The burial mound, Teptiuków
Narodowy Instytut Dziedzictwa pl

An example of one of the very few preserved early medieval earthen barrows (burial mounds) in the Lublin region which have been thoroughly examined by archaeologists. What makes it different from other mounds is its location at the top of a raised area of land, its large size and fairly good state of preservation.

Location and description

The tumulus, known locally as “Księżycowa Mogiła” (The Moon Barrow) is located at the south-eastern edge of the village, in the Bug river valley, at a distance of approx. 200 metres west of the river and about 800 metres north from the hillfort in Gródek Nadużny when calculated in a straight line. The burial mound is located by a local, unpaved road, in an area which is slightly elevated above the rest of the valley.

The barrow is clearly discernible in the surrounding terrain. Despite the fact that half of the mound has been destroyed in the course of archaeological research, it still forms an interesting part of the surrounding landscape. The height of the remaining part of the mound is about 4.5 metres. The mound is oval in shape, its dimensions being 22.5 x 27.5 metres. Both the mound itself and the area of a few metres around it are currently disused and overgrown with grass.


The mound is believed to originate from the early Middle Ages. In older literature, the burial mound in Teptiuków is referred to as being located in the village of Husynne.

Condition and results of archaeological research

The excavation research on the site were performed in 1954 by Kazimierz Żurowski and Gabriela Mikołajczyk, representing the Historical Institute of the Polish Academy of Sciences in Warsaw.

Surface surveys of the site within the framework of the ‘Archaeological Picture of Poland’ project were carried out by Andrzej Kokowski and Sławomir Jastrzębski in 1984. In the course of these surveys, the site was erroneously reported as being located in the village of Husynne. Today, the location data of the burial mound has been updated to reflect its actual location, i.e. the village of Teptiuków. The tumulus is situated on lot no. 372, the owner of which is the Agricultural Production Cooperative (RSP) in Husynne.

The location and height plan of the site was drawn up by Jan Niedźwiedź and A. Medak in 1991.

In the course of excavation works, half of the burial mound has been examined; two opposite quarters of the mound - the north-eastern one and the south-western one - have been covered by the research programme. As a result, it has been determined that the natural soil layers of the mound are all horizontal from top to bottom, sometimes taking on a slightly undulating shape. The tumulus was built directly on an early medieval cultural layer. The initial diameter of the mound was 27 metres, with its height - more than 5 metres - being much greater than it is today. No traces of a skeletal burial or burial of cremated remains have been identified; at the depth of 1.45 - 1.47 metres from the top of the mounds (i.e. about 3.5 metres above the bottom of the earthen structure), traces of a large pyre have been found, its diameter being about six metres. On the surface of the pyre, charcoal and small, charred bones (about 70 in total) have been found. It remains uncertain whether the bones originally belonged to a human being or to some kind of animal. Large quantities of moveable artefacts from have been found inside the earthen structure, with the earliest items dating back to the neolithic period, while the most recent ones originate from the early Middle Ages. This proves that the tumulus was erected in the early Middle Ages on the site of a much older settlement. The most intriguing moveable artefacts from the period in question are the fragment of an iron clasp from the period when the area was still under Roman influence as well as a number of early medieval artefacts: two whetstone, four lime spindle whorls preserved in their entirety as well as one of which only a half has survived, 35 iron objects, including 5 arrowheads, one 7th-century spur, seven knives, metal fittings from a boot, a hasp, a round buckle with a broken prong, a fragment of an axe butt, a prong of a small buckle, three awls, four pieces of a hoop originally forming part of a wooden vessel, four pieces of bars with a quadrangular cross-section, a round wire with a square, tapering end, an ard plough as well as bone items in the form of 14 chisels.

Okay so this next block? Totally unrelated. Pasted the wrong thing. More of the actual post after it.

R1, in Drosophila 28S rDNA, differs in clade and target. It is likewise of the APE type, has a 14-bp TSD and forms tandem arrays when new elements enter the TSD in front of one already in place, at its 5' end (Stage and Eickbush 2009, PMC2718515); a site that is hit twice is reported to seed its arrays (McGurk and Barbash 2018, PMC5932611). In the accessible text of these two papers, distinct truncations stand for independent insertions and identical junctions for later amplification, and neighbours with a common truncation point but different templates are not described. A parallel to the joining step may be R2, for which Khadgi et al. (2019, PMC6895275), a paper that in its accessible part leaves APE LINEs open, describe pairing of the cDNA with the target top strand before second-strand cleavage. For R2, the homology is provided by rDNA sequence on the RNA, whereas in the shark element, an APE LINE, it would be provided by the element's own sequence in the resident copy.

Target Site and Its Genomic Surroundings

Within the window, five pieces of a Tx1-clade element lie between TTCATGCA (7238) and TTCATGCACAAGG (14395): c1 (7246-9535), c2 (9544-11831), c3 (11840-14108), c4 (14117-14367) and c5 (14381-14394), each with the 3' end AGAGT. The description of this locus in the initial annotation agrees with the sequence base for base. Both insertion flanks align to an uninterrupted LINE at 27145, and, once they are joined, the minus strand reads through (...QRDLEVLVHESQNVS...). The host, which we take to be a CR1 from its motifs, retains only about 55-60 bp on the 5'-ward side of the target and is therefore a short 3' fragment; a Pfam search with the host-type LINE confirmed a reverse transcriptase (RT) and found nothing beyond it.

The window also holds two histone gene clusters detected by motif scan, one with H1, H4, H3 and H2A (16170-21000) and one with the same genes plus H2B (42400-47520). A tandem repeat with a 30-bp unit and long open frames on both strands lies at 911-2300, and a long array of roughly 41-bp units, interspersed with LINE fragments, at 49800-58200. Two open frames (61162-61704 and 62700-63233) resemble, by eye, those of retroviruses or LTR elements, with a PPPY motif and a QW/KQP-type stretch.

Unlimited access to the historic site. The burial mound is easily visible from the unpaved road open to general public.

compiled by Ewa Prusicka, Regional Branch of the National Heritage Board of Poland in Lublin, 21-11-2015.


  • Żurowski K., Mikołajczyk G., Sprawozdanie z badań kurhanu we wsi Husynne w pow. hrubieszowskim w 1954 r., “Sprawozdania Archeologiczne”, vol. 1: 1955 , pp. 251-267.
  • Nosek S., Materiały do badań nad historią starożytną i wczesnośredniowieczną międzyrzecza Wisły i Bugu, “Annales UMCS, vol. VI, sec. F, 1951 (1957), p. 369
  • Niedźwiedż E., Niedźwiedź J., Panasiewicz J., Kalisz J., Dzieje miejscowości gminy Hrubieszów, powiat hrubieszowski, Hrubieszów-Zamość 2010, pp. 87-88.
  • Prusicka-Kołcon E., Niedźwiedź J., Inwentaryzacja kurhanów powiatu hrubieszowskiego, Zamość 2006, s. 24-27 (documentation available at the archive of the Regional Monuments Protection Office in Lublin, Zamość branch).

General information

  • Type: Barrow
  • Chronology: VI - poł. XIII w.
  • Form of protection: register of monuments
  • Address: Teptiuków
  • Location: Voivodeship lubelskie, district hrubieszowski, commune Hrubieszów
  • Source: National Heritage Board of Poland


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